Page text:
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J Neurosci. 2004 Jun 30;24(26):5909-12.

Prophylactic creatine administration mediates neuroprotection in cerebral ischemia in mice.

Author information

1
Neuroapoptosis Laboratory, Department of Neurosurgery, Brigham and Women's Hospital, Harvard Medical School, Boston, Massachusetts 02115, USA.

Abstract

Creatine mediates remarkable neuroprotection in experimental models of amyotrophic lateral sclerosis, Huntington's disease, Parkinson's disease, and traumatic brain injury. Because caspase-mediated pathways are shared functional mechanistic components in these diseases, as well as in ischemia, we evaluated the effect of creatine supplementation on an experimental stroke model. Oral creatine administration resulted in a remarkable reduction in ischemic brain infarction and neuroprotection after cerebral ischemia in mice. Postischemic caspase-3 activation and cytochrome c release were significantly reduced in creatine-treated mice. Creatine administration buffered ischemia-mediated cerebral ATP depletion. These data provide the first direct correlation between the preservation of bioenergetic cellular status and the inhibition of activation of caspase cell-death pathways in vivo. An alternative explanation to our findings is that creatine is neuroprotective through other mechanisms that are independent of mitochondrial cell-death pathways, and therefore postischemic ATP preservation is the result of tissue sparing. Given its safety record, creatine might be considered as a novel therapeutic agent for inhibition of ischemic brain injury in humans. Prophylactic creatine supplementation, similar to what is recommended for an agent such as aspirin, may be considered for patients in high stroke-risk categories.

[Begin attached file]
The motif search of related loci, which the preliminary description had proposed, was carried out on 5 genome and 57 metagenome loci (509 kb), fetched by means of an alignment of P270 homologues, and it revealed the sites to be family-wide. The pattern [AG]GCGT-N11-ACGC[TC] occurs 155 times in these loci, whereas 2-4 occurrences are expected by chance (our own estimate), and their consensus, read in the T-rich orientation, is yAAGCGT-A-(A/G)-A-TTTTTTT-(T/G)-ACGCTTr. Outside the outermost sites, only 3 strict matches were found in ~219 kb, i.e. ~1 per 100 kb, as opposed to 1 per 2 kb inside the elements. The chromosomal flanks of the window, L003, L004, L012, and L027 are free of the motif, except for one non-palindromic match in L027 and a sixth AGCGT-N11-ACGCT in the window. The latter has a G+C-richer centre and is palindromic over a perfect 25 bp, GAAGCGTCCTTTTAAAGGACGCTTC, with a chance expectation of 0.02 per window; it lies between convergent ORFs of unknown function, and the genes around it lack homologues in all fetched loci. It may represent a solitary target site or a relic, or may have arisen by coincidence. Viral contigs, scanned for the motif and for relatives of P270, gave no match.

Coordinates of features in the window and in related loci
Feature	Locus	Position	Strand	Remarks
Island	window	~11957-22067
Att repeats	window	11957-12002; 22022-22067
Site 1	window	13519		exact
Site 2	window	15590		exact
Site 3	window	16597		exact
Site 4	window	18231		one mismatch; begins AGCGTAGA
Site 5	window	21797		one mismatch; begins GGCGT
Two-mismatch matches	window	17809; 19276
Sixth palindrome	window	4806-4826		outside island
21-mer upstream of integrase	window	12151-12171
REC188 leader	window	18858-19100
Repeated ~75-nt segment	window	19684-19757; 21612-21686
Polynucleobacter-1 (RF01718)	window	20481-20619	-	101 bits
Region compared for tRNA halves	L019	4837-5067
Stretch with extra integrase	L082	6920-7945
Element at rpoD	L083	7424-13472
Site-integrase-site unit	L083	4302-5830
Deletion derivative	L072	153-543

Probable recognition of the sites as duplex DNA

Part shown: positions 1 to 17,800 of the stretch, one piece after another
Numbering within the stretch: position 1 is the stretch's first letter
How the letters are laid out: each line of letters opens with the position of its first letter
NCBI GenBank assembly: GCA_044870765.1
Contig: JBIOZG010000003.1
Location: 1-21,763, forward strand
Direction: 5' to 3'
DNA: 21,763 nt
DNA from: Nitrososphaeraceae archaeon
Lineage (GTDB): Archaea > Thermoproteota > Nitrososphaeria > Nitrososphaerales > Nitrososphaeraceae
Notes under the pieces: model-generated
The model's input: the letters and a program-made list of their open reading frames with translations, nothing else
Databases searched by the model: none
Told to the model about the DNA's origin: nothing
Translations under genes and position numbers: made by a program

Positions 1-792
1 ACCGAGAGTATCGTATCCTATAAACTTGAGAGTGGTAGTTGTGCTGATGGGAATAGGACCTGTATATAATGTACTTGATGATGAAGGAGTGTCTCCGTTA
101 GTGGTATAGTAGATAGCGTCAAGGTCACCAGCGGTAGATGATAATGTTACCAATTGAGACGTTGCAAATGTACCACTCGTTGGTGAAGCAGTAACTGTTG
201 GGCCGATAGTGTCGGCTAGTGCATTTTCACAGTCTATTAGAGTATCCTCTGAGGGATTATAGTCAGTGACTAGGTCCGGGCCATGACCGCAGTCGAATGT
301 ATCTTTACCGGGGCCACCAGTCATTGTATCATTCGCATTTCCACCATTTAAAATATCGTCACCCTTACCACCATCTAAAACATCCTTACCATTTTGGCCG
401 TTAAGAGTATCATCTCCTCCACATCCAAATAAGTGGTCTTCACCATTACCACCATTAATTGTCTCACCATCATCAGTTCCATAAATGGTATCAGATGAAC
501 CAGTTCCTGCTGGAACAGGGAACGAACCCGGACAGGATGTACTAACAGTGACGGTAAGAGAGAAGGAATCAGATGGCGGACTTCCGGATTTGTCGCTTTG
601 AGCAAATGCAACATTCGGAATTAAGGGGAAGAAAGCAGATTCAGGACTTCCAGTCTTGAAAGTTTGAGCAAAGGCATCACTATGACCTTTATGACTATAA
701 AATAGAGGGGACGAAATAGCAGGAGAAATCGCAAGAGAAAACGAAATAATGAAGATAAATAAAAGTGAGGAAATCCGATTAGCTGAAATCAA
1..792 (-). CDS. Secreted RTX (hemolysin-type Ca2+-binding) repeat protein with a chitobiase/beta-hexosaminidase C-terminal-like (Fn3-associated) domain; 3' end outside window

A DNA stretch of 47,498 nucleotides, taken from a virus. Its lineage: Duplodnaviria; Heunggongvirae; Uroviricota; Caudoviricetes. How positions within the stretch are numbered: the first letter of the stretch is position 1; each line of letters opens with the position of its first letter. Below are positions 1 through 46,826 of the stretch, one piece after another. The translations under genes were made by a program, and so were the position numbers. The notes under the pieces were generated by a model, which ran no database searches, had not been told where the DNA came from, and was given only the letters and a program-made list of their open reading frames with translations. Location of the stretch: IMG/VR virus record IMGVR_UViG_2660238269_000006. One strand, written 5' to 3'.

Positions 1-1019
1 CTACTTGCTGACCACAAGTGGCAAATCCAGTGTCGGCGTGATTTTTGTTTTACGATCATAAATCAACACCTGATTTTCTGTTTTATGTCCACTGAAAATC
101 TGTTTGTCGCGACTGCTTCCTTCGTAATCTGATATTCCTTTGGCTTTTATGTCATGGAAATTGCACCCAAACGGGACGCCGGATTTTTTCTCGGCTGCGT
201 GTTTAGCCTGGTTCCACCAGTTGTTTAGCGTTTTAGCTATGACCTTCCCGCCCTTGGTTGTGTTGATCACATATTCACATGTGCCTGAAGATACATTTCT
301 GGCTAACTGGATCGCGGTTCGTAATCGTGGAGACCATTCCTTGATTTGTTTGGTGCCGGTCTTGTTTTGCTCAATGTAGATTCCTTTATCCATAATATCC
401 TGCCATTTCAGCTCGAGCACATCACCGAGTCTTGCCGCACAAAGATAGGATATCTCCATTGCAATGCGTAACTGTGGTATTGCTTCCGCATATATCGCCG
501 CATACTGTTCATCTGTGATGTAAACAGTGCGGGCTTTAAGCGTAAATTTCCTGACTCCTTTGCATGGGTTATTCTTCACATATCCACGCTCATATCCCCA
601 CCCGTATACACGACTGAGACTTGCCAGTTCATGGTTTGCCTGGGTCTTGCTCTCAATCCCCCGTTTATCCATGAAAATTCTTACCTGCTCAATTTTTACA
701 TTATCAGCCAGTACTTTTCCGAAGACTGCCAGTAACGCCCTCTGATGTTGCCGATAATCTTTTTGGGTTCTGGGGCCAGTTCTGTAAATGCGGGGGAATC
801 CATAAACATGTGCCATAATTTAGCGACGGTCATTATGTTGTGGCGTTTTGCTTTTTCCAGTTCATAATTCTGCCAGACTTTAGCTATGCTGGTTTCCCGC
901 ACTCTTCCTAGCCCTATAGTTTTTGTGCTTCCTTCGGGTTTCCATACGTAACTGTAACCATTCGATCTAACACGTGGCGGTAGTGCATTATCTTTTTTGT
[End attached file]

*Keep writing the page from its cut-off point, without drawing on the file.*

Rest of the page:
PMID:
15229238
DOI:
10.1523/JNEUROSCI.1278-04.2004
[Indexed for MEDLINE]
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